In my experience, the "Satanic Panic" of the 1980s was based on a mostly Catholic/Protestant divide, I say mostly because it was only the more fundamentalist denominations that really bought into the whole thing. Catholics were mostly pretty cool with D&D. More mainstream Protestant denominations didn't seem to have a problem with it. I live in the North-East US though, so your mileage may vary. I don't know how Orthodox Christians felt about it then or now. Jews seem to be OK with D&D. I don't know enough Muslims to get an accurate sample. No other religion would be concerned with Satan in the least.
What muddied the waters was the publication of Gods, Demigods and Heroes; superseded in AD&D by Deities & Demigods. I do not own, nor have I read Gods, Demigods and Heroes, but I do own Deities & Demigods (sadly lacking in Cthulu and Elric) and I assume they are pretty similar, designed to give the average American a "fictional" pantheon to play with so as to protect the feelings of Christians that might be uncomfortable with their religion being implied in a fantasy context. EGG goes one better in the pages of The Dragon by offering up entire pantheons of his own devising of entirely fictional deities for Greyhawk, which I am way more cool with.
I understand that in the 1970s and 1980s we didn't have the cultural sensitivity and awareness that we have now, but damn, between Buddhism, Hinduism and Shinto you are coving something like 1/2 of the world's population. Throw in traditional practitioners of Native American religions, Sami Shamanists (a religion closely related to the "Finnish Mythos"), Wiccans, and religious reconstructionists of various types and pretty much the only unworshipped gods in my copy of Deities & Demigods are the "Newhon Mythos" and "Nonhuman Deities". The fact that the powers that be at TSR at the time, presumably EGG and I have no idea who else, sat down and talked it over and felt uneasy enough that they had to remove explicit references to Christianity from the game but give fictional alternatives speaks volumes. The hubris expressed by them in only eliminating references to Abrahamic religions also speaks volumes about our culture at the time.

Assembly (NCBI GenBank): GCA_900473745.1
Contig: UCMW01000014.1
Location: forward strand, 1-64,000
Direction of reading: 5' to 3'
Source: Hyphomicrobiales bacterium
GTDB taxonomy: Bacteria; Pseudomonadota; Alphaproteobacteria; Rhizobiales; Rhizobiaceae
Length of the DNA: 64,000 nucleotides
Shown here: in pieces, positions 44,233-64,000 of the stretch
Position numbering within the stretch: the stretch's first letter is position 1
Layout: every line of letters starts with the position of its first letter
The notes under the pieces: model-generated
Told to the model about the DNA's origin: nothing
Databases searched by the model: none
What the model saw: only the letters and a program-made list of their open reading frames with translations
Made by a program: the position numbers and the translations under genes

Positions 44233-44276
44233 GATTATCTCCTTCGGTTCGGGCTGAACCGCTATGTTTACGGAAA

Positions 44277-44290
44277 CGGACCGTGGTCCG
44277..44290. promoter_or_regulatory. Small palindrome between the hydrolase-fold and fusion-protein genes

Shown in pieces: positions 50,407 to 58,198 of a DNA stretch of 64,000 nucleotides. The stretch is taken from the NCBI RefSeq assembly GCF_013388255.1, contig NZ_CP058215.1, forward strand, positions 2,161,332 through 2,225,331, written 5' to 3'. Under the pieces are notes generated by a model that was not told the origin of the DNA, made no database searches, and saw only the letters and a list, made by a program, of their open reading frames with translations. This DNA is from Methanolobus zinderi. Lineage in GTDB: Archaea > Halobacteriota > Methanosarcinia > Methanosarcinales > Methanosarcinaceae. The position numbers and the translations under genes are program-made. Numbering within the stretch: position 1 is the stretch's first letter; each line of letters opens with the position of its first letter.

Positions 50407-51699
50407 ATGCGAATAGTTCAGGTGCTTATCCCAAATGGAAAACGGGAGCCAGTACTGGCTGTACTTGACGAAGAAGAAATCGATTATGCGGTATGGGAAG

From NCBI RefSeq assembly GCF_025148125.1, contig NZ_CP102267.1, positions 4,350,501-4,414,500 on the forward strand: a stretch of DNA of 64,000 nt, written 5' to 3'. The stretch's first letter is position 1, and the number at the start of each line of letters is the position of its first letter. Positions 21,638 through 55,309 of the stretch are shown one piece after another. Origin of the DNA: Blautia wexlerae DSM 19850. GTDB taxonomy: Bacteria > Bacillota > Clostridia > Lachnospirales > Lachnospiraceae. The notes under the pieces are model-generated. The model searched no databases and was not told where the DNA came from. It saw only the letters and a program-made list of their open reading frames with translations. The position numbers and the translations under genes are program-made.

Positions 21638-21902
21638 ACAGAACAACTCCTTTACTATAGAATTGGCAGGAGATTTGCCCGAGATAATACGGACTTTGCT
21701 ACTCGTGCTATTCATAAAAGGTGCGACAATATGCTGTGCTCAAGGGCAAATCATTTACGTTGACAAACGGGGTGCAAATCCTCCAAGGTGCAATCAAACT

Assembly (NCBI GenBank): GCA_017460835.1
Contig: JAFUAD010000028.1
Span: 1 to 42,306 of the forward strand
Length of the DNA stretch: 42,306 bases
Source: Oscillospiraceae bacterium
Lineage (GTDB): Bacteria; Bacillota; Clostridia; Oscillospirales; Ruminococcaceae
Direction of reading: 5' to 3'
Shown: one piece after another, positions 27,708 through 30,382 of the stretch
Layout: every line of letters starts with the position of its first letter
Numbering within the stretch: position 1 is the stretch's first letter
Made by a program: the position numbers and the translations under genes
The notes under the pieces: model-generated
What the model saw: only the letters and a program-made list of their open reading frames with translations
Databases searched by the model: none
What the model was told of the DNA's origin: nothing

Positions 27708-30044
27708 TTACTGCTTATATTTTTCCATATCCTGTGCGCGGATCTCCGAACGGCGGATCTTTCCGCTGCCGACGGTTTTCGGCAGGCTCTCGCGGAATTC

I can understand seriously minority religions being fodder for the Deities & Demigods book, but Buddhism, Hinduism and Shinto have between them Billions of adherents, just not in the US (although Hawaii has a substantial Buddhist minority, Hawaii usually falls outside the spectrum of consideration for most decisions made concerning the US as a whole); I really think that maybe they could have, even in the caveman 1970s and 80s, considered the implications there.
Now, Deities & Demigods pretty much told you that you HAD to be a Pagan in AD&D, it's one of those things where if they hadn't mentioned it, probably nobody would have thought of it, but since they did it got set in stone. They gave you a nice bunch of pantheons to choose from; although they treated polytheism the way you would expect a bunch of gamers from a monotheistic background to treat it; choose a pantheon, then pick one deity from that pantheon as a patron and worship him or her pretty much monotheisticly. That's totally NOT how polytheism works, just an FYI.